5. Preparation for Decision - It is not clear how this step differs from the previous step. The exact quote from the VA website is: "The Veterans Service Representative [presumably they mean the Ratings Veterans Service Representative] has recommended a decision, and is preparing required documents detailing that decision. If more evidence is required, the claim will be sent back in the process for more information or evidence."
6. Pending Decision Approval - Approval by a supervisor.
7. Preparation for Notification - Preparing the "claim decision packet" (Decision Letter and explanatory materials).
8. Complete - VBA mails the "claim decision packet" to the veteran.
To begin the disability claim process, a veteran must submit an application to the Veterans Benefits Administration (VBA), an organizational element of the VA. The VBA, based on their review of medical and psychological evidence, must conclude that the veteran indeed suffers from service-connected PTSD. Reaching such a determination usually requires that the veteran receive a Compensation and Pension examination (C&P exam), which is a forensic[a] mental health evaluation conducted by a psychologist or psychiatrist at a local VA medical facility or by a psychologist or psychiatrist in independent practice who conducts evaluations for a VA-contracted private vendor.
A veteran can apply for compensation benefits him or herself by filling out VA Form 21-526, Veterans Application for Compensation and/or Pension and mailing it to their local Veterans Benefits Administration Regional Office, often referred to as the "VARO" (VA Regional Office). Note that VA Form 21-526 and the accompanying instructions are quite detailed, which is probably why the VA recommends that veterans take advantage of expert assistance from specially trained Veterans Service Officers (see next section).
A veteran may also file a disability benefits claim online using the Veterans On-Line Application (VONAPP) System.
Veterans may receive assistance with filing a VA disability compensation claim from Veterans Service Officers, also known as "VSO Representatives" or "Veterans Service Representatives",[b] especially when they are affiliated with a nonprofit Veterans Service Organization.
Note in this regard that the VA specifically recommends that veterans ask a Veterans Service Officer to help them file a disability compensation claim. Here is a quote from the VA website, which explains why the VA makes this recommendation:
VA encourages individuals who are applying for disability compensation to work with an accredited representative ... to assist them.... Being accredited means organizations and individuals must have VA permission to represent Veterans before the Department in their claims for VA benefits. The purpose of this requirement is to ensure that Veterans have qualified and competent representation. These individuals receive specialized training in VA benefits law and procedure.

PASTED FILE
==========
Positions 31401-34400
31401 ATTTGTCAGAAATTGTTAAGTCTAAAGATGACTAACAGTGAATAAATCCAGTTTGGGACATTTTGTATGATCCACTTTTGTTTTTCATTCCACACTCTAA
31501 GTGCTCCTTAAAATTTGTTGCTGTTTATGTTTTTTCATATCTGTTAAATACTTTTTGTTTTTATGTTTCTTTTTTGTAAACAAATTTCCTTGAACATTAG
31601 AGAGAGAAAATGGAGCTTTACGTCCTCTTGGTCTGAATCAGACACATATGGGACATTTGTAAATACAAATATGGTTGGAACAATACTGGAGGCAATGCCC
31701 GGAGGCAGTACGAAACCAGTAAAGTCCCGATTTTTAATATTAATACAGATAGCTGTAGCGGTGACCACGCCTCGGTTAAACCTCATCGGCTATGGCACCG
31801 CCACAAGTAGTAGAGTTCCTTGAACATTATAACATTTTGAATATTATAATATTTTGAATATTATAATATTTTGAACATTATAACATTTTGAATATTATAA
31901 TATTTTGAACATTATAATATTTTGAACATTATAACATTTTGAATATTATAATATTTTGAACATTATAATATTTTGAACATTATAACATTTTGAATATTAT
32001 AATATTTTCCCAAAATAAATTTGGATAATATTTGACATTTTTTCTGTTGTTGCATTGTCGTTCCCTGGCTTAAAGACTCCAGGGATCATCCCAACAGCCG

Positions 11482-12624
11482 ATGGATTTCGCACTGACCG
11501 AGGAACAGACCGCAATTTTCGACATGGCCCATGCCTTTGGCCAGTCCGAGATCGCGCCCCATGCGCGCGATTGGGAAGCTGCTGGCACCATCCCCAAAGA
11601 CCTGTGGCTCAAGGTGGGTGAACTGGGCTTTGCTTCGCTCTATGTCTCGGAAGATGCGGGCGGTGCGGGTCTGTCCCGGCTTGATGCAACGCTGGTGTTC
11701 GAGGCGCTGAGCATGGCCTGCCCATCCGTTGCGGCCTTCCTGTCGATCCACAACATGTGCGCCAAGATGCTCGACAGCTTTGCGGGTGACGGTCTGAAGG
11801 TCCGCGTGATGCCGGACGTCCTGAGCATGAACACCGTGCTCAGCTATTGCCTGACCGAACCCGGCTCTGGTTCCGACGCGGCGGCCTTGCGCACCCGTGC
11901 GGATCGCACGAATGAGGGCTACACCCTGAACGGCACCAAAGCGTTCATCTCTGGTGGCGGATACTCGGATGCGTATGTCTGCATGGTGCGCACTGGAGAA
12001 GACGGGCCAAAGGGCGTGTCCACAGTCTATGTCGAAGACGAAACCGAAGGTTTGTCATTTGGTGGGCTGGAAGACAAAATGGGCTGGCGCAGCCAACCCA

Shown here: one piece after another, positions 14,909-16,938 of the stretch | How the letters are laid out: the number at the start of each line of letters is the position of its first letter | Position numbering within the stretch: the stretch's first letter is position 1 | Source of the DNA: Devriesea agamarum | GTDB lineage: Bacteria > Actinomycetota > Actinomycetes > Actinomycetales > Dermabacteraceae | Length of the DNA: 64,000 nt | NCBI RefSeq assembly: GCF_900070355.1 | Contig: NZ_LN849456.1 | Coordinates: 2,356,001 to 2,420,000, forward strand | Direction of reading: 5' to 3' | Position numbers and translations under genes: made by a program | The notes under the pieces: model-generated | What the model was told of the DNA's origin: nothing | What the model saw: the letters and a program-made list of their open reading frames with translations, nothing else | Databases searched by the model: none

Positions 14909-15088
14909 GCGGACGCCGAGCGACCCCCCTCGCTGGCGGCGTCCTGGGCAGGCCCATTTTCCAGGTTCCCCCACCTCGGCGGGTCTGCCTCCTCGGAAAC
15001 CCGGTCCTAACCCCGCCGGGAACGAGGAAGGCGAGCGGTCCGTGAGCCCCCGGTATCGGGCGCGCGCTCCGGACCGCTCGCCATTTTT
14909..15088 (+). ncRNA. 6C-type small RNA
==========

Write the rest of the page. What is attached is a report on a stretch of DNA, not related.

Although at least one prominent veterans advocate recommends that "...veterans file their own claims without the assistance of any sort of representative...except for an appeal" (see Post-Adjudication Representation, below, for information regarding legal representation for appeals).
The next two sections briefly describe the two types of Veterans Service Officers.
County Veterans Service Officers are public employees of their State's (or Territory's) veterans affairs agency. They are often called County Veterans Service Officers, because a majority of the states have set up local veterans affairs offices in each of the state's counties.
Many not-for-profit Veterans Service Organizations recruit, train, and support their own Veterans Service Officers to help veterans file claims and navigate the claims process. In order to represent a veteran before the VA, the Veterans Service Organization must either have been Chartered by the U.S. Congress or have received official approval from the U.S. Department of Veterans Affairs to represent veterans in the disability compensation claims process.
As noted above, these Veterans Service Officers are sometimes called VSO Representatives.
Although to make matters somewhat confusing, the VA sometimes refers to both County Veterans Service Officers and VSO Representatives as "Veterans Service Organizations (VSO) Representatives" or "VSO Representatives." For example, if you conduct an "Accreditation Search" on the VA website and search for a "VSO Representative," the search results will list both County Veterans Service Officers and VSO Representatives.